Science Fiction Mystery

“Dr. Lancaster, thank you for coming.” Director Langton smiled as he spoke, but David nodded in response.

“It’s a pleasure to visit the Department for Extraplanetary Exploration,” he said, seating himself on the edge of his chair and bracing his feet against the carpeted floor.

Langton smiled again. “You’re one of many who hold that opinion, I’m sure.” Leaning back in his chair, he added, “We don’t get many people from Medical up here, you know. Perhaps you made an appointment just for the pleasure of seeing me?”

David refused to laugh. “Of course, Director Langton. Of course.”

Langton chuckled. “Flattery will only get you so far—but now that travel beyond Earth’s confines is possible, you could go very far indeed.”

“I have been, sir.” David looked behind Langton to the photographs hanging on his wall. “In fact, I’ve just returned from a mission with the cruiser Titan, in that exact system.”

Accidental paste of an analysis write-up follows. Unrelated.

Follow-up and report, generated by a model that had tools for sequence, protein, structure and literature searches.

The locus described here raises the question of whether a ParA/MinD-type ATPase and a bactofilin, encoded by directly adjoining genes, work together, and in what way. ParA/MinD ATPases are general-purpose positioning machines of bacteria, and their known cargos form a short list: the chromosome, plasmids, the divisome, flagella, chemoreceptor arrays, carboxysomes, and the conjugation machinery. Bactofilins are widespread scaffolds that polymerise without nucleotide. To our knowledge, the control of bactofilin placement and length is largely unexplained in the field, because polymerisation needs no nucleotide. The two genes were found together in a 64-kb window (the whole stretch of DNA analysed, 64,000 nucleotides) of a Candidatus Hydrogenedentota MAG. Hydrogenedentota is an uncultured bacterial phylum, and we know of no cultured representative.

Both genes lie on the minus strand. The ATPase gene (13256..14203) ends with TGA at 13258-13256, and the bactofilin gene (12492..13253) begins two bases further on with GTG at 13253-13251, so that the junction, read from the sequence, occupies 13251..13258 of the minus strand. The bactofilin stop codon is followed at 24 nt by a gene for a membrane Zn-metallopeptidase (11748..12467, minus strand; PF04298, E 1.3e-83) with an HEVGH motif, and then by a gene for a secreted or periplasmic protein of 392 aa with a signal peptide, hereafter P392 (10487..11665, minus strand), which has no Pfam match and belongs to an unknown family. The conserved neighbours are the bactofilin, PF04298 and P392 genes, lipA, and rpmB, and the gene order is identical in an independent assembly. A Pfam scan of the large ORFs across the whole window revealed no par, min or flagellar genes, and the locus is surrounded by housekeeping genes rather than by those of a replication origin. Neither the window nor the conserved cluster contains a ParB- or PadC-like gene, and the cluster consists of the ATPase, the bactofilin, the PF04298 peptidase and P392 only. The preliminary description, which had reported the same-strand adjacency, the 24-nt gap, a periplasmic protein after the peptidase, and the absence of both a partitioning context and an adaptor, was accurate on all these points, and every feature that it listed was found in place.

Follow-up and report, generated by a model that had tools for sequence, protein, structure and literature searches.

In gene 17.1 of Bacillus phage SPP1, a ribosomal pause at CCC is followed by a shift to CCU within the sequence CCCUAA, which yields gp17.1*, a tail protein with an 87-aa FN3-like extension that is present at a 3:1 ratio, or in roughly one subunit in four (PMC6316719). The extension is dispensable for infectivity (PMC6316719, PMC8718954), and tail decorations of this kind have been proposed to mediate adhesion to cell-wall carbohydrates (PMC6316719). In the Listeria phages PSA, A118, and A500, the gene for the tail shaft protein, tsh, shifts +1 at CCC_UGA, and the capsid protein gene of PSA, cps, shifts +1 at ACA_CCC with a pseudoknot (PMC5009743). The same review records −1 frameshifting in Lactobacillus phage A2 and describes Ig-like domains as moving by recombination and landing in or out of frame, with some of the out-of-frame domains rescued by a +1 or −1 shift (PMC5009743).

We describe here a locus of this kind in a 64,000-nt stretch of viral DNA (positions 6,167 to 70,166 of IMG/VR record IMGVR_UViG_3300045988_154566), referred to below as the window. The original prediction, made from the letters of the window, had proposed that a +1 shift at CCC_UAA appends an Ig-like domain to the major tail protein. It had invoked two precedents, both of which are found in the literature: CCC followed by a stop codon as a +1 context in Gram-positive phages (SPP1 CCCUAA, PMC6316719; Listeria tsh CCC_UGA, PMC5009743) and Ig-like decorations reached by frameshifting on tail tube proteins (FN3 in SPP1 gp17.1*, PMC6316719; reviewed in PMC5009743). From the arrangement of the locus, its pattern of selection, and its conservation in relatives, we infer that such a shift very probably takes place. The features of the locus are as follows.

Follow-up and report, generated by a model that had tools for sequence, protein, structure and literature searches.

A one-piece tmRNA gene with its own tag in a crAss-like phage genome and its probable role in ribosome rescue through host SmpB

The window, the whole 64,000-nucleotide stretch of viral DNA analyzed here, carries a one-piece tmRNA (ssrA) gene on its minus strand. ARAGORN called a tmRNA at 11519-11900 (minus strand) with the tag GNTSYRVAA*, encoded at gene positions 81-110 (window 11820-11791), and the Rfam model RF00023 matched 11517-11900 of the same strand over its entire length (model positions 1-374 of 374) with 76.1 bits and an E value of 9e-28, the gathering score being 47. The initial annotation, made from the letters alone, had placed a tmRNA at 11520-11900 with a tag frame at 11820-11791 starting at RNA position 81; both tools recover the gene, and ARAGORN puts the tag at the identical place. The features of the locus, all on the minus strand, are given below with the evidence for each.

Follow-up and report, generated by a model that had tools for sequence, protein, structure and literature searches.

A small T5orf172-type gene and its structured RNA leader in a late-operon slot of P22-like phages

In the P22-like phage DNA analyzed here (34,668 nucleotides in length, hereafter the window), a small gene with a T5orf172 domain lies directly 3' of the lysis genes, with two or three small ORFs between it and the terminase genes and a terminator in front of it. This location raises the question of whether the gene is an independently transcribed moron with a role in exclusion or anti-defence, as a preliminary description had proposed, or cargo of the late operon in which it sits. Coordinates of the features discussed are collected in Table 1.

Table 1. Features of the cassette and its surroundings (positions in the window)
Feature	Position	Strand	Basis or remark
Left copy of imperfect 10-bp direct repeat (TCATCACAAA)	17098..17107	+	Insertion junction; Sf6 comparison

Langton glanced over his shoulder. “Beautiful, isn’t it? I’m sure the cartographers enjoyed drawing up their maps.”

“As much as they ever enjoyed mapping a single-star system without satellites,” David said.

Langton smile dimmed, and he reached inside his desk drawer for a tablet. “Agreeing with everything I say would defeat the purpose of a discussion, doctor.”

David reached for his pen, remembered that he had left his lab coat behind, and dropped his hand. “Was I repeating, sir? I wasn’t aware that we should be having a discussion.”

Langton began scanning the tablet. “David Lancaster. Medical officer, first class. Specialization in neuroscience. Commendations for exemplary service—”

“Please, sir.” David leaned forward in his chair. “Extend flattery to me, by all means.”

Langton slid the tablet into his desk drawer and smiled. “I’m sure there’s a commendation included for diplomatic speech, but I won’t embarrass you.”